IS WIDE CHOICE, WISE CHOICE? /FAKE NEWS AND FACEBOOK
The essay prompt is for this assignment is as follows. In this information age, it is more important than ever to use credible and reliable sources.
You are given the choice of two focus areas:
- The 2016 US election – alternative facts and the post-truth world.
- Fake news and Facebook.
IS WIDE CHOICE, WISE CHOICE? /FAKE NEWS AND FACEBOOK
The advent of digital media has made it easier for people to conduct research. The old ways of going into a library and using books and magazines to gather information are slowly making way for the internet. It is quick and easy to log into a computer and get whatever information at the click of some buttons. The generation of today is focused on efficiency and convenience, and hence this method is here to stay. Society is becoming increasingly reliant on information that is accessed on the internet since it has become like one massive database that contains everything. However, anybody can upload information on the web since there are no restrictions (Metzger & Flanagin, 2013). This accessibility has created a situation where some of the information on the various online sources is not accurate. When conducting research, it is crucial to utilise accurate information and ensure the credibility of the sources. It has become necessary for individuals to determine the accuracy of their sources. Availability of the internet has accelerated the spread of fake news due to the high demand for information.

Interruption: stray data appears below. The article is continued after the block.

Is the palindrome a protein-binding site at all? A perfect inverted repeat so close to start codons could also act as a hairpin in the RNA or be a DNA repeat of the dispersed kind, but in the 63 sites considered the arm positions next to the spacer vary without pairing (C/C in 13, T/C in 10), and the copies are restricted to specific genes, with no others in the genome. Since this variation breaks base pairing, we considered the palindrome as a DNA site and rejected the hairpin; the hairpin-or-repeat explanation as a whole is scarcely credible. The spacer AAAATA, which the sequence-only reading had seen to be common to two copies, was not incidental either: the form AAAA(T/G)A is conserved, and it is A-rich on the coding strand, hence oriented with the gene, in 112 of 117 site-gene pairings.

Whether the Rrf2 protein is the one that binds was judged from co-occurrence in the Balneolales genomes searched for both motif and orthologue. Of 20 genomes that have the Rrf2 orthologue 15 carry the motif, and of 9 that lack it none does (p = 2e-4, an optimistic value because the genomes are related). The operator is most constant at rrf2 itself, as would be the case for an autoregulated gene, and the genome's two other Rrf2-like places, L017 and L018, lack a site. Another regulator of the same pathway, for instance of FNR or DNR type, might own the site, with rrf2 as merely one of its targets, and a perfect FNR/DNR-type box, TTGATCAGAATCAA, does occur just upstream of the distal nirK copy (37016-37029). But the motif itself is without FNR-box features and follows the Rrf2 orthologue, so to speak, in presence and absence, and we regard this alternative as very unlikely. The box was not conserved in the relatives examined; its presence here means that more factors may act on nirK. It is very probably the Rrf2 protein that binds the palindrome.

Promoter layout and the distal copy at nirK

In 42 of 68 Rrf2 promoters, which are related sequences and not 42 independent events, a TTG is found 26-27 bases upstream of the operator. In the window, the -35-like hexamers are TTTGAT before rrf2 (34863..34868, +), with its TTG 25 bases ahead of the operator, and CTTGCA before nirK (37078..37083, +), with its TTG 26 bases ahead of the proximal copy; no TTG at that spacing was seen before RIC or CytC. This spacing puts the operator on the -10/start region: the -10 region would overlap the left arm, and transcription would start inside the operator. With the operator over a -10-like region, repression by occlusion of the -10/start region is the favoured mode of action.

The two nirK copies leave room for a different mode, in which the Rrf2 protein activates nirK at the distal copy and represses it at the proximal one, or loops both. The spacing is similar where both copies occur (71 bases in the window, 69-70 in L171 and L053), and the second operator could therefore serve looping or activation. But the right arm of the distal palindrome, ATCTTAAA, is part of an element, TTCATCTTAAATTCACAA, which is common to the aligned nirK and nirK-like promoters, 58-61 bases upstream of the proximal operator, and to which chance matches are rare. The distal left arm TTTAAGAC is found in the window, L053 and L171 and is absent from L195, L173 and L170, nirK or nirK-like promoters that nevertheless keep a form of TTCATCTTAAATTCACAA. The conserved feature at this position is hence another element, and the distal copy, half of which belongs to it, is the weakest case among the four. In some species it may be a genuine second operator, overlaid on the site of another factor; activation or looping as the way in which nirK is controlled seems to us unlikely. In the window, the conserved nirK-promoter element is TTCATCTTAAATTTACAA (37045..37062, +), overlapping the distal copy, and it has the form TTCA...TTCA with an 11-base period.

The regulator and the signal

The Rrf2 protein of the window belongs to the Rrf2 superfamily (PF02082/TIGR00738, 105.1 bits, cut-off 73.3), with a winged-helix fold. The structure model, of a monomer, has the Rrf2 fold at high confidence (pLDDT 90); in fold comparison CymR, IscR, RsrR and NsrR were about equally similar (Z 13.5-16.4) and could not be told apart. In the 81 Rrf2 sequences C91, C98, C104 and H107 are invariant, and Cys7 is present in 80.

The high demand for information has resulted in abundant supply. The Internet has encouraged the provision of this information due to the ease of accessing and publishing information. Before the web, producing and disseminating information was an expensive and time-consuming undertaking. People who posted information were required to have some expertise in the topic and command considerable resources for the work (Metzger & Flanagin, 2013). The Internet has eliminated all these issues making it quick and cheap to post information. Since the information made available on the web does not undergo any verification in authentication, there is a proliferation of outdated, inaccurate and incomplete data. Anybody can post what they consider to be factual but there is nobody to verify the information and certify it as being accurate. Traditionally, credibility to post information was given to proven bodies or the government, and it acted as an effective way of filtering information to allow only those who have earned the merit to post (Metzger & Flanagin, 2013). This high barrier was able to lock out people who don’t have the necessary authority to write on a particular issue. Social sites like Facebook allow anybody to own an account and post information, and sometimes it has misled people due to inaccuracy. It is important to use some of the criterion suggested by Metzger to determine the authenticity of a website. The reputation heuristic, for example, considers the name recognition of a site as a clue to its authenticity.